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    Hi guys, just finishing my first clinical year and coming up to exams. I've used a two textbook combo of detail/understanding book (K/C big or Davidson's big) and Oxford Handbook to learn my SBA knowledge. So many SBAs test the first line treatment of conditions/first line investigations as in the NICE guidelines. However, I find that big textbooks are awful at telling you the order of investigations or treatment (something that SBAs love: "which is the MOST appropriate investigation/treatment or "first line"). The Oxford Handbook isn't great either (e.g. heart failure: it just lists the drugs not the fact that you have to give ACE-I and beta blocker/CCB then add spiro etc). I've actually learnt guidelines through Passmedicine.

    Is there actually a better way of getting to grips with guidelines except through Passmed? They surely can't expect us to trawl through 200 page documents per condition and even the summary pathways are not concise. Any advice greatly appreciated as I go into my specialties year next year.
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    Why not use the NICE guideline website itself?
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    I think this is probably what they hope you will get from "being present" on your clinical rotations. If something is important or common, you ought to see it at some point in clinic and see/hear how it is managed...

    Alternatively, the NICE Clinical Knowledge Summaries are great... http://cks.nice.org.uk/ Obviously many of them are for niche things you don't necessary need to know about in detail but most contain a simple "How should I manage..." paragraph.

    Just be disciplined about the CKSs you read... the approaches to managing asthma, COPD, diabetes, heart failure, rheumatoid arthritis, etc are important, complicated (first line, second line...) and probably change every few years... you can learn about balanitis, plantar fasciitis, etc from books and skip the NICE guidance!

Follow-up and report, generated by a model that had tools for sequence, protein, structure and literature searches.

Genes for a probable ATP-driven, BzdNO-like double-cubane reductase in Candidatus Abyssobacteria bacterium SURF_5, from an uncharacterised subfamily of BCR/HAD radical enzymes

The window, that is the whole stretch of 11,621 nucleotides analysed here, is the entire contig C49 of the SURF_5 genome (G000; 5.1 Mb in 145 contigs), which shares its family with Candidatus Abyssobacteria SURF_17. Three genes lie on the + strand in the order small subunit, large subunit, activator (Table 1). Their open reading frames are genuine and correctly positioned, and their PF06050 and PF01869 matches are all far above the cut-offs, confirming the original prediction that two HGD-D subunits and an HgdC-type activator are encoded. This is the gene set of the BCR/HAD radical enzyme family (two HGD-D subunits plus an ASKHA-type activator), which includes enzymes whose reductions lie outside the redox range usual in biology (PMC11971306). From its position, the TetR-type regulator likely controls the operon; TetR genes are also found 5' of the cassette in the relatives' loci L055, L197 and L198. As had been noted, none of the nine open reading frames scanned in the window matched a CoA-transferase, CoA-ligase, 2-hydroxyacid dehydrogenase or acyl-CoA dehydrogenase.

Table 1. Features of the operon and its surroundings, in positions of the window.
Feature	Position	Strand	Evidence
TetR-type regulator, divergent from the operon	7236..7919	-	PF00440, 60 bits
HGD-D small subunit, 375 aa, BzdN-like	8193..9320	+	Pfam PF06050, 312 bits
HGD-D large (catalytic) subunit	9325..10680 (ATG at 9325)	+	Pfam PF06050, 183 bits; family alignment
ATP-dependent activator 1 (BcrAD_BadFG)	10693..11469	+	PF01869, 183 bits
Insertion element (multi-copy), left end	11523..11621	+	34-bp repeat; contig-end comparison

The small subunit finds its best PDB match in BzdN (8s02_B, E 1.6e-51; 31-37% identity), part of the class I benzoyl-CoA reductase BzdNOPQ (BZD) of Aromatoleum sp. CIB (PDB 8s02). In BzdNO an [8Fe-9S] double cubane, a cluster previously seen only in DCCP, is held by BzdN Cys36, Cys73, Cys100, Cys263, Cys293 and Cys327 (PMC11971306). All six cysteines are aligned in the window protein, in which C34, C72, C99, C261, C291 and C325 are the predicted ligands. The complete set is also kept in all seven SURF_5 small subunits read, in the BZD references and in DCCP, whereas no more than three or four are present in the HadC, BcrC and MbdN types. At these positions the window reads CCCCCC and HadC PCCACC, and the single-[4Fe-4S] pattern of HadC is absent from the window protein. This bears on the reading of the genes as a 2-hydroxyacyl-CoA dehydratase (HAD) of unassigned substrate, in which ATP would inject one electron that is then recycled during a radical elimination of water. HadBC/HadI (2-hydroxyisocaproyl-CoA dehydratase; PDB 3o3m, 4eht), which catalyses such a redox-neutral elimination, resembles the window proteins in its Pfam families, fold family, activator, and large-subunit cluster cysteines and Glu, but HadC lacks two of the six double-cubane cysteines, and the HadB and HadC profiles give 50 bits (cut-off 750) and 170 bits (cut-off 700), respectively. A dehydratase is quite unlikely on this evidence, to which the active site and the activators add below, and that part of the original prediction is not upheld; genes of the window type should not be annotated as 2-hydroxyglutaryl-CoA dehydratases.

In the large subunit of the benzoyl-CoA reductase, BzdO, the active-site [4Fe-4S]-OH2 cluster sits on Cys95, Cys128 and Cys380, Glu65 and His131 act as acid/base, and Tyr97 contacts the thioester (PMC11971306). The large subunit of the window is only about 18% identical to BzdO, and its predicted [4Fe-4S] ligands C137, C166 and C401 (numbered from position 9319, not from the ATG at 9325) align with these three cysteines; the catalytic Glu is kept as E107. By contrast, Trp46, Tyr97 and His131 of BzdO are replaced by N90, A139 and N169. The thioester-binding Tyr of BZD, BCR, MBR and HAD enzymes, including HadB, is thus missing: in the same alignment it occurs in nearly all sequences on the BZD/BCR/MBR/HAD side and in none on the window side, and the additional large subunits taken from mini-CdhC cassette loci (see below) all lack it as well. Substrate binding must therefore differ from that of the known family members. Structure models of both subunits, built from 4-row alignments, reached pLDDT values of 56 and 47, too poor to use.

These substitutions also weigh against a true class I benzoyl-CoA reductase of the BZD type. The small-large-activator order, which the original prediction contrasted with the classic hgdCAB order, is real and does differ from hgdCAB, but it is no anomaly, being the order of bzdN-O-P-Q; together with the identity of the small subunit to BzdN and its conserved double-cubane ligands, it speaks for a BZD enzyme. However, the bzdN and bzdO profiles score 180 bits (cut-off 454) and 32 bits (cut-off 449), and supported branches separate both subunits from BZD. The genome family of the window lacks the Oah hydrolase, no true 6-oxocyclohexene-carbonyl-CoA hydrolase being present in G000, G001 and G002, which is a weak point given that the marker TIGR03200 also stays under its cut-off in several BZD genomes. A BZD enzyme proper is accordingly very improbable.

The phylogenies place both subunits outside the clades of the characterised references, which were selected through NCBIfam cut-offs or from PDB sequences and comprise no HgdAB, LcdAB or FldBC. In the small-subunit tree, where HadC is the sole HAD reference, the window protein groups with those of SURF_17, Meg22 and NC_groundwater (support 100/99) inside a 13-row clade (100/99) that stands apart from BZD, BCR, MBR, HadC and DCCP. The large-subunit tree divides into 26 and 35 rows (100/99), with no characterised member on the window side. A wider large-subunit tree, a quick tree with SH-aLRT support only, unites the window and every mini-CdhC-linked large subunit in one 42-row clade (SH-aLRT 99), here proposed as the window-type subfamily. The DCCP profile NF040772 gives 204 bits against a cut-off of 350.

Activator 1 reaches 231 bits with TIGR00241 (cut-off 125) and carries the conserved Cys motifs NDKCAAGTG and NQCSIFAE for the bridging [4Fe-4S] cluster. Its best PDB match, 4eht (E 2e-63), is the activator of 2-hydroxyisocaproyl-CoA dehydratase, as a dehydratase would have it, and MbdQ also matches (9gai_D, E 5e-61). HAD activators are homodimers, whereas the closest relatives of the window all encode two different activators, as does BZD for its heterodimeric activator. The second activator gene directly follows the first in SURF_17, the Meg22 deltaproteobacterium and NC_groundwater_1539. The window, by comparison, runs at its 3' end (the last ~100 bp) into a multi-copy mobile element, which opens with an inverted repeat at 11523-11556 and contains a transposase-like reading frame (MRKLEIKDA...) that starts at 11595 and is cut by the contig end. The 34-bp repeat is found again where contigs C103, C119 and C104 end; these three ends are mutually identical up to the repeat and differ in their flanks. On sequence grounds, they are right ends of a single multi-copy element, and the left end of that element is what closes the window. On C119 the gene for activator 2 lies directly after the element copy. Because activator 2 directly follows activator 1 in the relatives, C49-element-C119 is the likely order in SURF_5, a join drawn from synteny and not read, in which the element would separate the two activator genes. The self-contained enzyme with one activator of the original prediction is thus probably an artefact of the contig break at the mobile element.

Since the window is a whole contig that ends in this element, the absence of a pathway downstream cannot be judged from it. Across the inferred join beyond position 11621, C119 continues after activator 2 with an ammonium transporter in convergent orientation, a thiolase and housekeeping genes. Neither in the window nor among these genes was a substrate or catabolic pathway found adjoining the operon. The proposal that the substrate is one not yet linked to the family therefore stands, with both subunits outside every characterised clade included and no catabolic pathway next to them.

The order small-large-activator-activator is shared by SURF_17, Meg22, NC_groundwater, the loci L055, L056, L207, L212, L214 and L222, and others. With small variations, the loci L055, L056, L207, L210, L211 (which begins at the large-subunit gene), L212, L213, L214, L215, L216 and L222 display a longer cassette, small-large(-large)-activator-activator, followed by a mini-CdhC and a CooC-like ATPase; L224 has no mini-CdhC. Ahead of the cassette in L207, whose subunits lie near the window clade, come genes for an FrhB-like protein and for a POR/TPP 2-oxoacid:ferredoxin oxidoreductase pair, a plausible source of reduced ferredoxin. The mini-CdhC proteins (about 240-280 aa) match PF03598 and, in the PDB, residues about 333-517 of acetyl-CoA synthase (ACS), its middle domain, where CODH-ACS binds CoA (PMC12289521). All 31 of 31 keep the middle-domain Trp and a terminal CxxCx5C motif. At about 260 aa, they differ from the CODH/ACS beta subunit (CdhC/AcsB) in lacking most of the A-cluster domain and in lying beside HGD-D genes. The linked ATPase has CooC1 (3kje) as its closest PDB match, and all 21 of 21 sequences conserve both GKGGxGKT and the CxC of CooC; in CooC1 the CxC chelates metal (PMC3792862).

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    (Original post by MonteCristo)
    I think this is probably what they hope you will get from "being present" on your clinical rotations. If something is important or common, you ought to see it at some point in clinic and see/hear how it is managed...
    But it's scattered at best.

    Alternatively, the NICE Clinical Knowledge Summaries are great... http://cks.nice.org.uk/ Obviously many of them are for niche things you don't necessary need to know about in detail but most contain a simple "How should I manage..." paragraph.
    This.

    Just be disciplined about the CKSs you read... the approaches to managing asthma, COPD, diabetes, heart failure, rheumatoid arthritis, etc are important, complicated (first line, second line...) and probably change every few years... you can learn about balanitis, plantar fasciitis, etc from books and skip the NICE guidance!
    And this.
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    im facing similar issues as well. haha. knowing important lists but no idea which comes first.
    Passmedicine really shows you that you have to be real concise with your investigation/treatment.
    Any other tips for remembering guidelines?
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    Besides passmedicine which is pretty much the main way to try and drill guidelines into your head, I found that revising with friends and quizzing each other on the guideline also worked. Otherwise there's no way to escape it - it's just a horrible slog of rote learning. At least Passmedicine sums it up clearly.

    The Map of Medicine used to be really good but googling it just now it seems it's gone private so... maybe not haha.

    IMO the actual NICE guidelines require a detective to find the relevant facts. That's after you've actually managed to find the document which has the guidelines in it... the NICE website looks so clean but is so hard to find what you want sometimes.
 
 
 
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